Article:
42 review for Unusual Sounds: The Hidden History of Library Music

  1. 5 out of 5

    Sarah Jackson

    I've loved library music ever since I first heard an Alan Hawkshaw funky classic pumping out of the DJ booth in a Mod Nightclub in the late eighties. "Unusual Sounds: the Hidden History of Library Music" by David Hollander, is a wonderful record of the range and diversity of library music, from the UK, Europe and North America. I really like the interview style used to review various artists' work, and the forward by George A Romero (Living Dead fame) is second to none. The book is easy to read I've loved library music ever since I first heard an Alan Hawkshaw funky classic pumping out of the DJ booth in a Mod Nightclub in the late eighties. "Unusual Sounds: the Hidden History of Library Music" by David Hollander, is a wonderful record of the range and diversity of library music, from the UK, Europe and North America. I really like the interview style used to review various artists' work, and the forward by George A Romero (Living Dead fame) is second to none. The book is easy to read and includes wonderful book plates and images of various album covers and movie posters. If you see a copy, buy it.

  2. 4 out of 5

    Koven Smith

    This book whoops a llama's ass. I've become quietly obsessed with library/production music over the last ten years, and have found myself frustrated at how little has been written about it. This book solves that problem--it is the definitive work on this subject. I would have been happy with a book even half this well-researched; I'm over the moon at what we got instead.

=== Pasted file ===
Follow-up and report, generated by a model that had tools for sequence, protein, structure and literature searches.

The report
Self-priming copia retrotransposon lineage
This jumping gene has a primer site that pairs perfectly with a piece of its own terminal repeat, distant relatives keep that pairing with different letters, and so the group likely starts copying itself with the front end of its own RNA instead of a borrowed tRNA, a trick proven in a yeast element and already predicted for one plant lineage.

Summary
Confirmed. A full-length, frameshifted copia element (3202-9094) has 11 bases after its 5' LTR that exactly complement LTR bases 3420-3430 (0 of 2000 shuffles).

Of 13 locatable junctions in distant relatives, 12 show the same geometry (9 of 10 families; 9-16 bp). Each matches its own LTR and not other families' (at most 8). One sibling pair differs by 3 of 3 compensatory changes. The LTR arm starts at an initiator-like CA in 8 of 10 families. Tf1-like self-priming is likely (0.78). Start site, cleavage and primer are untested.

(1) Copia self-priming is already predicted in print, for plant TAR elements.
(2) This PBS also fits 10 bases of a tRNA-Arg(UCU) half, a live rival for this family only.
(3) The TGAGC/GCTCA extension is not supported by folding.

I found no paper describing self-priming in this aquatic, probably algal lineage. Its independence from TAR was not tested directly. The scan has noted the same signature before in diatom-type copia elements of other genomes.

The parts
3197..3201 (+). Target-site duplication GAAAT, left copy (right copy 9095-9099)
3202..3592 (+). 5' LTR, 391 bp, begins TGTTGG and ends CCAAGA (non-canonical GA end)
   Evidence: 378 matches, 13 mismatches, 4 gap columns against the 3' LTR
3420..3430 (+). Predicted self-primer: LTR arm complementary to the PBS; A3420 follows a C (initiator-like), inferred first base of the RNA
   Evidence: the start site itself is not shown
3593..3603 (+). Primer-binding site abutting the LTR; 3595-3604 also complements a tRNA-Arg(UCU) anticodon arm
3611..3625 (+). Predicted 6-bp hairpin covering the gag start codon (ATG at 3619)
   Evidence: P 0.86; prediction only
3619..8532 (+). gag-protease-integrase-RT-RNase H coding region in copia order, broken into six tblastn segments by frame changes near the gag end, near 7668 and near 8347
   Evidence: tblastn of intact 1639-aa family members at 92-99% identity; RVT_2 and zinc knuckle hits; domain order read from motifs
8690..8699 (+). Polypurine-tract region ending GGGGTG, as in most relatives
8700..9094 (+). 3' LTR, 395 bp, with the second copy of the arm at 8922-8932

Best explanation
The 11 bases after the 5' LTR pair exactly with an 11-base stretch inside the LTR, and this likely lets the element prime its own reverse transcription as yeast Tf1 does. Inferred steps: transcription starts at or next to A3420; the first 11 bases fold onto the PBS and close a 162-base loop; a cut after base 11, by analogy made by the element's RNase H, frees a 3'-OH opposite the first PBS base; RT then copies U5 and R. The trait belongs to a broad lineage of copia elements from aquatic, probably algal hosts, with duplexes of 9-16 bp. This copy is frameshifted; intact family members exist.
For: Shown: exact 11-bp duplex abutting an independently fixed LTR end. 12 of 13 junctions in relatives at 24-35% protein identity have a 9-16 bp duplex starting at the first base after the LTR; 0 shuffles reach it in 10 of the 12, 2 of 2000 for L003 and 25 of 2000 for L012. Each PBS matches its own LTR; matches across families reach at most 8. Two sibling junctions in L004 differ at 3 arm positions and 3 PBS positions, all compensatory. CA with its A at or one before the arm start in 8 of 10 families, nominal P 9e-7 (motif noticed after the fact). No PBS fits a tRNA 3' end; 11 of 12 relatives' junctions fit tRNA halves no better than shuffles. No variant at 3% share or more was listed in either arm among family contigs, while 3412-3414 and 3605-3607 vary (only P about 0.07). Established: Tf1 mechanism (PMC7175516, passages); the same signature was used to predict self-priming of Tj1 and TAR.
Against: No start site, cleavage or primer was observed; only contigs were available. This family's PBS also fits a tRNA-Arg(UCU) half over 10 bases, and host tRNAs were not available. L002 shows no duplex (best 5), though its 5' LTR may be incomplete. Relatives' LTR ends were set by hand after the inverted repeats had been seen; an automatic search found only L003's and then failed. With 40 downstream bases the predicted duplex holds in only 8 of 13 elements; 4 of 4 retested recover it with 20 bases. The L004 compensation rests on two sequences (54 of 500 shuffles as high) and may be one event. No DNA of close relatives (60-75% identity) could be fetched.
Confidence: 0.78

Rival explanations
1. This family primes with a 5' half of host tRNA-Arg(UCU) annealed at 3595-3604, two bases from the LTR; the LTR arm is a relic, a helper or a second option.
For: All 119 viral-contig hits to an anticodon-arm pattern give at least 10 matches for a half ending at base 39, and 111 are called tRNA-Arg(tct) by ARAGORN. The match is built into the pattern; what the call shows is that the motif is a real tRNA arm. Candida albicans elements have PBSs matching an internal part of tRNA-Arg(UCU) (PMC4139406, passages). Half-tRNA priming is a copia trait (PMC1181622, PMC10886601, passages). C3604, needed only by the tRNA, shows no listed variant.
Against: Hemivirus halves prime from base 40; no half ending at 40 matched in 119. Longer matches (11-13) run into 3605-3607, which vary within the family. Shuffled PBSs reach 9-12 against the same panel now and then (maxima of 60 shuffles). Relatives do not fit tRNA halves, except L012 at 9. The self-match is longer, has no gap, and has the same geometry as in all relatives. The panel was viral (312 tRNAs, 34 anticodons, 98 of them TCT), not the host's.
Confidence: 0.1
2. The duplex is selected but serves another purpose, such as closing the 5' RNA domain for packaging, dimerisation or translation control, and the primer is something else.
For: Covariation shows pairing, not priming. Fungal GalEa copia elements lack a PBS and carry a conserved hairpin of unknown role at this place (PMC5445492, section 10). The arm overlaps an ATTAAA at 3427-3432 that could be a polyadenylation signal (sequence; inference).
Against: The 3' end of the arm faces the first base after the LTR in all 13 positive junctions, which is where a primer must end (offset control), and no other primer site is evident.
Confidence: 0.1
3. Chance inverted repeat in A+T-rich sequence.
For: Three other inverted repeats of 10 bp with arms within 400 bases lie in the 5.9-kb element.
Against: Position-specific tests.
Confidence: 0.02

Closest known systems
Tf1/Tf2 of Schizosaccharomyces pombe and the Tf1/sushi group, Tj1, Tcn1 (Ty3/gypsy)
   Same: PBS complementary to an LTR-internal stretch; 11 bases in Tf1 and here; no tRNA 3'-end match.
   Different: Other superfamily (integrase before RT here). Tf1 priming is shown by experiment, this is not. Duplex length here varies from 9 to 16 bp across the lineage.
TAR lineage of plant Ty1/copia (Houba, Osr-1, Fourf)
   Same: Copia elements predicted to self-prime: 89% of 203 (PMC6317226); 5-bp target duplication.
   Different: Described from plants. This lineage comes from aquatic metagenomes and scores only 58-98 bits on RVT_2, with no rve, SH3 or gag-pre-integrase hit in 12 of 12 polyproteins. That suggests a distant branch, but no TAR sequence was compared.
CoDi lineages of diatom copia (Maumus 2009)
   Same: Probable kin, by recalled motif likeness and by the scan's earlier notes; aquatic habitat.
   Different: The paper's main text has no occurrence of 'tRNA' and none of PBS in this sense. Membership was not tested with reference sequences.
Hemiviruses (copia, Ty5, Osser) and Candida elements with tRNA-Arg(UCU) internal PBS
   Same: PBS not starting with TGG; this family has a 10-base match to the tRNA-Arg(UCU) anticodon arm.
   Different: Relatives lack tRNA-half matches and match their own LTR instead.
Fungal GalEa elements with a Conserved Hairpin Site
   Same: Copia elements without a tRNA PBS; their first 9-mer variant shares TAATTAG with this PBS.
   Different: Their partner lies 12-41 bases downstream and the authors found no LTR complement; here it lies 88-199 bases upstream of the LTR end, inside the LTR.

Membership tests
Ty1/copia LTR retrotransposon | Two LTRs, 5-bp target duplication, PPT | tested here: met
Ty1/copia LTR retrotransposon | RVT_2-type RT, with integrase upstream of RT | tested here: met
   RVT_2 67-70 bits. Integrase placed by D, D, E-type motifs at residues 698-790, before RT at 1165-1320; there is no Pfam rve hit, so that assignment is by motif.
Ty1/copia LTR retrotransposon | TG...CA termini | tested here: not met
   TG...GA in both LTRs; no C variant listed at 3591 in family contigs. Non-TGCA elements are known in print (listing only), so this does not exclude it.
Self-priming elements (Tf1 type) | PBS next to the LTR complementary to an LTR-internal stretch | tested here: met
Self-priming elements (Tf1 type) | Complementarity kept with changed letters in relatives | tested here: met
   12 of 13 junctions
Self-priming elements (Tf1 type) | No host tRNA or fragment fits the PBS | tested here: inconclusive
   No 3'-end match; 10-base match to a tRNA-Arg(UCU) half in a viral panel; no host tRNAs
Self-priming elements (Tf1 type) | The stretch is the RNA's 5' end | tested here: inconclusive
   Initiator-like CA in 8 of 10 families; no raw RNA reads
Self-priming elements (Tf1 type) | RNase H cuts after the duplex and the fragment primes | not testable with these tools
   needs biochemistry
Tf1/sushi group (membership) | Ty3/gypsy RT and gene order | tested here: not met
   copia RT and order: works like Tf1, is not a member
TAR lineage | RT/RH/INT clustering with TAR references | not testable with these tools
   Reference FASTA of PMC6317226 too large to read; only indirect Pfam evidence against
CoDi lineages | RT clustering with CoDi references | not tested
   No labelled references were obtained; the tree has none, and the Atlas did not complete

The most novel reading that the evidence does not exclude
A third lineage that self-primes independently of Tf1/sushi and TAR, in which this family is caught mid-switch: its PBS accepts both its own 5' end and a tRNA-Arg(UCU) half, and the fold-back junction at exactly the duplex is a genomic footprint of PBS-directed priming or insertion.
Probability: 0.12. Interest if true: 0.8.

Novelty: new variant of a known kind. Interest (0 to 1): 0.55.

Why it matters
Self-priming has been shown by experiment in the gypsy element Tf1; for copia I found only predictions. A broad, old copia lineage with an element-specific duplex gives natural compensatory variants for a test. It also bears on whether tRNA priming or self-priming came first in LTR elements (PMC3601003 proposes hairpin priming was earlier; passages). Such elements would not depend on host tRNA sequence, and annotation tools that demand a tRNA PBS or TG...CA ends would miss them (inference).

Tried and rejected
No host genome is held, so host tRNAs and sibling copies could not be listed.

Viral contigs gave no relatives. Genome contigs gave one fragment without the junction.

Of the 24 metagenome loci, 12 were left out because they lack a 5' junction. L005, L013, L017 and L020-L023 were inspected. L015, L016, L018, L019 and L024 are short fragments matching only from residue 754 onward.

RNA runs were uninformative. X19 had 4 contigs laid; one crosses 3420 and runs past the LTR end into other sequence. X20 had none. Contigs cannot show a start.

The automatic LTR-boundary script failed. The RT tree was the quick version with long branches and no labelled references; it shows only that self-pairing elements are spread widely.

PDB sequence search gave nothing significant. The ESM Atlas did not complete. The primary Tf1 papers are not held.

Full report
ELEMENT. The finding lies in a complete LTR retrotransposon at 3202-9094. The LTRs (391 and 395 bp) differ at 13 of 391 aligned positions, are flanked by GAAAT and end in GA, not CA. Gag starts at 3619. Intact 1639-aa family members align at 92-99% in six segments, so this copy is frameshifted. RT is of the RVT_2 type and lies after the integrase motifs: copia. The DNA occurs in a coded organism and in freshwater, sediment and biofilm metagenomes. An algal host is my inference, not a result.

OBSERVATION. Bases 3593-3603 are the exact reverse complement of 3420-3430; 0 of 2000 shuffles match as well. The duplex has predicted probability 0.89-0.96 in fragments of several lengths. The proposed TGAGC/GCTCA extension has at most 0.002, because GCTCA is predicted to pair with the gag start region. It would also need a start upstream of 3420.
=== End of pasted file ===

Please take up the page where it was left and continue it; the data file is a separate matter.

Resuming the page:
3. 4 out of 5

    John

  4. 4 out of 5

    Josh

  5. 4 out of 5

    Otis

  6. 5 out of 5

    Brad Neel

  7. 4 out of 5

    jennet wheatstonelllsl Proc

  8. 5 out of 5

    Paul Corupe

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    Spenser

  10. 4 out of 5

    Neal Cooper

  11. 4 out of 5

    Blackout

  12. 5 out of 5

    Paul Sandell

  13. 5 out of 5

    Justscot

  14. 5 out of 5

    Seth Haley

  15. 4 out of 5

    BW

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    Simon Harper

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    Peter

  18. 4 out of 5

    J

  19. 5 out of 5

    Cooper

  20. 5 out of 5

    Matthew

  21. 4 out of 5

    Butch Lazorchak

  22. 4 out of 5

    Robb Stout

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    Andrea Alumbaugh

  24. 5 out of 5

    Mckenzie Ragan

  25. 5 out of 5

    Cathy Illman

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    Dale

  27. 4 out of 5

    Zachary

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    Luke Stacks

  29. 5 out of 5

    Tricia

  30. 4 out of 5

    Rob Adey

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    Gonçalo Freitas

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    Leftjab

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    George Salisbury

  34. 4 out of 5

    Lirazel

  35. 5 out of 5

    Antonin

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    Michael

  37. 4 out of 5

    Scott

  38. 5 out of 5

    Sarah

  39. 5 out of 5

    Patrick

  40. 4 out of 5

    Chefhifrequency

  41. 4 out of 5

    Patrick

  42. 5 out of 5

    Taylor